bestead
Verb

bestead (besteads, present participle besteading; past besteaded, past participle bestead)

  1. (transitive) To help, assist.
    • 1603, Michel de Montaigne, chapter 40, in John Florio, transl., The Essayes, […], book I, printed at London: By Val[entine] Simmes for Edward Blount […], OCLC 946730821 ↗:
      even errours and dreames, doe profitably bestead her, as a loyall matter, to bring us unto safetie and contentment.
    • 1611, The Holy Bible, […] (King James Version), imprinted at London: By Robert Barker, […], OCLC 964384981 ↗, Isaiah 8:21 ↗:
      And they shall pass through it, hardly bestead and hungry: and it shall come to pass, that when they shall be hungry, they shall fret themselves, and curse their king and their God, and look upward.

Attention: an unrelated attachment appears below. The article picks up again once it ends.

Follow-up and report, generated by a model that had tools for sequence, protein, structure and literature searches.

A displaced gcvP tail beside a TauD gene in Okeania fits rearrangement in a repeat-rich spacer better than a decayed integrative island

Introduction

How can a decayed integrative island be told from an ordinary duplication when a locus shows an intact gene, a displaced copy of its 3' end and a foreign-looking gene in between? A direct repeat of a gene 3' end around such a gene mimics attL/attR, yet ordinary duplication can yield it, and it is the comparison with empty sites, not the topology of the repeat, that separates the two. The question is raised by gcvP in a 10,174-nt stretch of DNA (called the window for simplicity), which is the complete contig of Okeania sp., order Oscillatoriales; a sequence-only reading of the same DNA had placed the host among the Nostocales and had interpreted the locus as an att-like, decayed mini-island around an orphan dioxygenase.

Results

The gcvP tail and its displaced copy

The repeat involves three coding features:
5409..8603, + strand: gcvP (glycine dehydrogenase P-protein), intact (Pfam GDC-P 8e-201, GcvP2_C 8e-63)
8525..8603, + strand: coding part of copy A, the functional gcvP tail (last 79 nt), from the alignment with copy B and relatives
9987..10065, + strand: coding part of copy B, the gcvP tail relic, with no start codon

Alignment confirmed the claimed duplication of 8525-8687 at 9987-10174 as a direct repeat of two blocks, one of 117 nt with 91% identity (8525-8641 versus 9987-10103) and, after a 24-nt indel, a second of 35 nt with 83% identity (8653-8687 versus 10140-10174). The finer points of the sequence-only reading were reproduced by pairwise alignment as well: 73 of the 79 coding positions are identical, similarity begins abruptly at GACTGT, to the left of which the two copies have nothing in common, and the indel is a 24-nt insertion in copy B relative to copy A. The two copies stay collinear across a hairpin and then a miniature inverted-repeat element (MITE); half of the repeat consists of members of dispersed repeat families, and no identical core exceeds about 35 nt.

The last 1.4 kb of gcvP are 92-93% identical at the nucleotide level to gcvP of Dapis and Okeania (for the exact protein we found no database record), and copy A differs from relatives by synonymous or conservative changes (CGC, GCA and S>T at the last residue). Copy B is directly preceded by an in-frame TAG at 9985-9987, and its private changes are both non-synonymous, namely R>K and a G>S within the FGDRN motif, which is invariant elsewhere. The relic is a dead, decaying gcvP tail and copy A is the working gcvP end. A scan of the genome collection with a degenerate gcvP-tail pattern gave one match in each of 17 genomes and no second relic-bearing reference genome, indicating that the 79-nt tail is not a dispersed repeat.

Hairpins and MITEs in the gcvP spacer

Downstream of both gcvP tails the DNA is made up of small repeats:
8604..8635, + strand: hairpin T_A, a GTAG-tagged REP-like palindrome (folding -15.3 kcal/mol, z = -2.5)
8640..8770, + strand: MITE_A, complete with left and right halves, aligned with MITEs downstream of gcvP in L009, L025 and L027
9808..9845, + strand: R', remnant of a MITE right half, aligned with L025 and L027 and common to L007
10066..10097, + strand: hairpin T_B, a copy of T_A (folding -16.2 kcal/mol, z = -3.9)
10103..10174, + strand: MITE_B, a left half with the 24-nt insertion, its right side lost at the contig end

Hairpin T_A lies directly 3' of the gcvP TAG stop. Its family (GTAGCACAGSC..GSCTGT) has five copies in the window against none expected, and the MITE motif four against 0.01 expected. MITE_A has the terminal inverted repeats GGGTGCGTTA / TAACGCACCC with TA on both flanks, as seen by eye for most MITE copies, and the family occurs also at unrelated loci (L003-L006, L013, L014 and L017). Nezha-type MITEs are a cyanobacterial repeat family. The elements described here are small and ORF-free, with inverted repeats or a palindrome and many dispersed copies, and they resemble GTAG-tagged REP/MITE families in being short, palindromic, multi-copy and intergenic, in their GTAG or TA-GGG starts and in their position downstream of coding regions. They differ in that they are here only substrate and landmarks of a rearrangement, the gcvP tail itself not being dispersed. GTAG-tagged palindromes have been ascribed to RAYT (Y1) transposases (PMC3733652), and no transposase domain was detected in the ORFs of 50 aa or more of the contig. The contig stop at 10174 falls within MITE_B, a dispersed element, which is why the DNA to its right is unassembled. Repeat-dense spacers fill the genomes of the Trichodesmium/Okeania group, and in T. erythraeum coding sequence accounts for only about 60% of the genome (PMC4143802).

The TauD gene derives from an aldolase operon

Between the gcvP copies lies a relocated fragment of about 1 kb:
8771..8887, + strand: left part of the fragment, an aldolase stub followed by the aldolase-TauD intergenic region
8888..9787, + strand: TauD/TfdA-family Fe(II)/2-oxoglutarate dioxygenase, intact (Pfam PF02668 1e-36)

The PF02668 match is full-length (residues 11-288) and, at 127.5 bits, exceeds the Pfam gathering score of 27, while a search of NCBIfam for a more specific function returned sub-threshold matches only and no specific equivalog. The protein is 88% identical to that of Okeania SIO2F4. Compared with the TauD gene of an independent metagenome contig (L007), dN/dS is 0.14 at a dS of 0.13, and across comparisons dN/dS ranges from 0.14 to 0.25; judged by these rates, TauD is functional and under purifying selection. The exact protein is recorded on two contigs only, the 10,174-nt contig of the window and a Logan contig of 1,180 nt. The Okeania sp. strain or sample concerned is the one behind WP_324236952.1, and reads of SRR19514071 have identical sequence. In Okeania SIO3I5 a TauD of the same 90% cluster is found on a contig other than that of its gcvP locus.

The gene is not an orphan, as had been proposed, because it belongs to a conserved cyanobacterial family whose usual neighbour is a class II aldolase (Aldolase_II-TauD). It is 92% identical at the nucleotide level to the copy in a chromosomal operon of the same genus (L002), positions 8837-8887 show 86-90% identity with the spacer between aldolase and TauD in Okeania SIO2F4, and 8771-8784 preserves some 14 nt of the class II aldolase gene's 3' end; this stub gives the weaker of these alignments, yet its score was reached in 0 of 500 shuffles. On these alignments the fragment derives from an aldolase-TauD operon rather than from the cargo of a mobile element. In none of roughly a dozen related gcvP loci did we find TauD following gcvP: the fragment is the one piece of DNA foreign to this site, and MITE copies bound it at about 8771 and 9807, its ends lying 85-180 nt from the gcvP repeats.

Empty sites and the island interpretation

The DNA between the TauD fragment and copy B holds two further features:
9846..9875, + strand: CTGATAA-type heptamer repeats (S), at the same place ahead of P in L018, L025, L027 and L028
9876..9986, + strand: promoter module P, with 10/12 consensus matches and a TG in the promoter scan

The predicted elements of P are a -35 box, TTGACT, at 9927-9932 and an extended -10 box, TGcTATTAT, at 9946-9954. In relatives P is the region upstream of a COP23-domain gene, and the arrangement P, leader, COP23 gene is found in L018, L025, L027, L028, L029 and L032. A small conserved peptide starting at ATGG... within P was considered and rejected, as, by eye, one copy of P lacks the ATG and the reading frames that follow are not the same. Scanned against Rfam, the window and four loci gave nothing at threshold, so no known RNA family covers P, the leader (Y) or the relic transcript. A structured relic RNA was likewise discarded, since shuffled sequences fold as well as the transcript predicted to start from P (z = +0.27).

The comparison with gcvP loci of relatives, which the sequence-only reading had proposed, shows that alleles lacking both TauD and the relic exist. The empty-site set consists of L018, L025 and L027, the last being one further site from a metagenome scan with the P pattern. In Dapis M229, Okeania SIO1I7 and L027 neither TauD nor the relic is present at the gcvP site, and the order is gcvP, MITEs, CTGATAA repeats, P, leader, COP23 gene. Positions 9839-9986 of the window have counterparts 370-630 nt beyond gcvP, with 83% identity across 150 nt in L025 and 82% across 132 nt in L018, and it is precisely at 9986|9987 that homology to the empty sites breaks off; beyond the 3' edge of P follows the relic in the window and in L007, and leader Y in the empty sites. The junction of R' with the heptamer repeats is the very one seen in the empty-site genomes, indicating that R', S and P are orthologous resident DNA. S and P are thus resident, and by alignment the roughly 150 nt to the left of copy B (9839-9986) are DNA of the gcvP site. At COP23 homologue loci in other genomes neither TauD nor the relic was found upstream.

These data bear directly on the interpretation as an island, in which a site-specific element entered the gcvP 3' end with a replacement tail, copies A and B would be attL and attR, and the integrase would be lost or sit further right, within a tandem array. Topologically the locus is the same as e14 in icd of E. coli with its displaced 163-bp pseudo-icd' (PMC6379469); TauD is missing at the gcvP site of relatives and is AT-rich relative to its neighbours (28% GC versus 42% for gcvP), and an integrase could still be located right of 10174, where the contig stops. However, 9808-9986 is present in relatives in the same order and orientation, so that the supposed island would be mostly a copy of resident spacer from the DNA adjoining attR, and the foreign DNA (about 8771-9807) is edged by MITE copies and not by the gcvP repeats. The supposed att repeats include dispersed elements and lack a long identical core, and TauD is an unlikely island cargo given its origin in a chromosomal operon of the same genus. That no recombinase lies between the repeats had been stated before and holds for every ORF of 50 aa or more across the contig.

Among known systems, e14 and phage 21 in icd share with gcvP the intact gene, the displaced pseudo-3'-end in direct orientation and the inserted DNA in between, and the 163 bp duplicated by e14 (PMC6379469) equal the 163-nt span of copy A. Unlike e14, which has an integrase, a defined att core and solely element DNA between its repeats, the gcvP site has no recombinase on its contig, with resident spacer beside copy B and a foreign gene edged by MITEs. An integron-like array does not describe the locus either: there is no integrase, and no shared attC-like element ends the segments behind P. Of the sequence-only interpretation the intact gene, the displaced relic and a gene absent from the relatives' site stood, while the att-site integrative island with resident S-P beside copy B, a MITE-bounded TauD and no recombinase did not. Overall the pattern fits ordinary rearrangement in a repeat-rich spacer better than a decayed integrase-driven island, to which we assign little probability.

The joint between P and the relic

2. (transitive) To profit; benefit; serve; avail.
    • 1859, Southern literary messenger: Volume 28:
      With forty sous which remained, he went to a low gambling house, where fortune, or something surer to the skilful practitioner, so well besteaded him that he was able to clothe himself decently preparatory to entering Frascati's, the fashionable hell of Paris—a den of abomination early suppressed on the accession of Louis Philippe to the French throne.
Synonyms Verb

bestead (besteads, present participle besteading; past and past participle besteaded)

  1. (transitive) To take the place of; replace.
Adjective

bestead (not comparable)

  1. (archaic) Placed (in a given situation); beset.
  2. (obsolete) Disposed mentally; affected.
    sorrowfully bested
  3. (obsolete) Provided; furnished.



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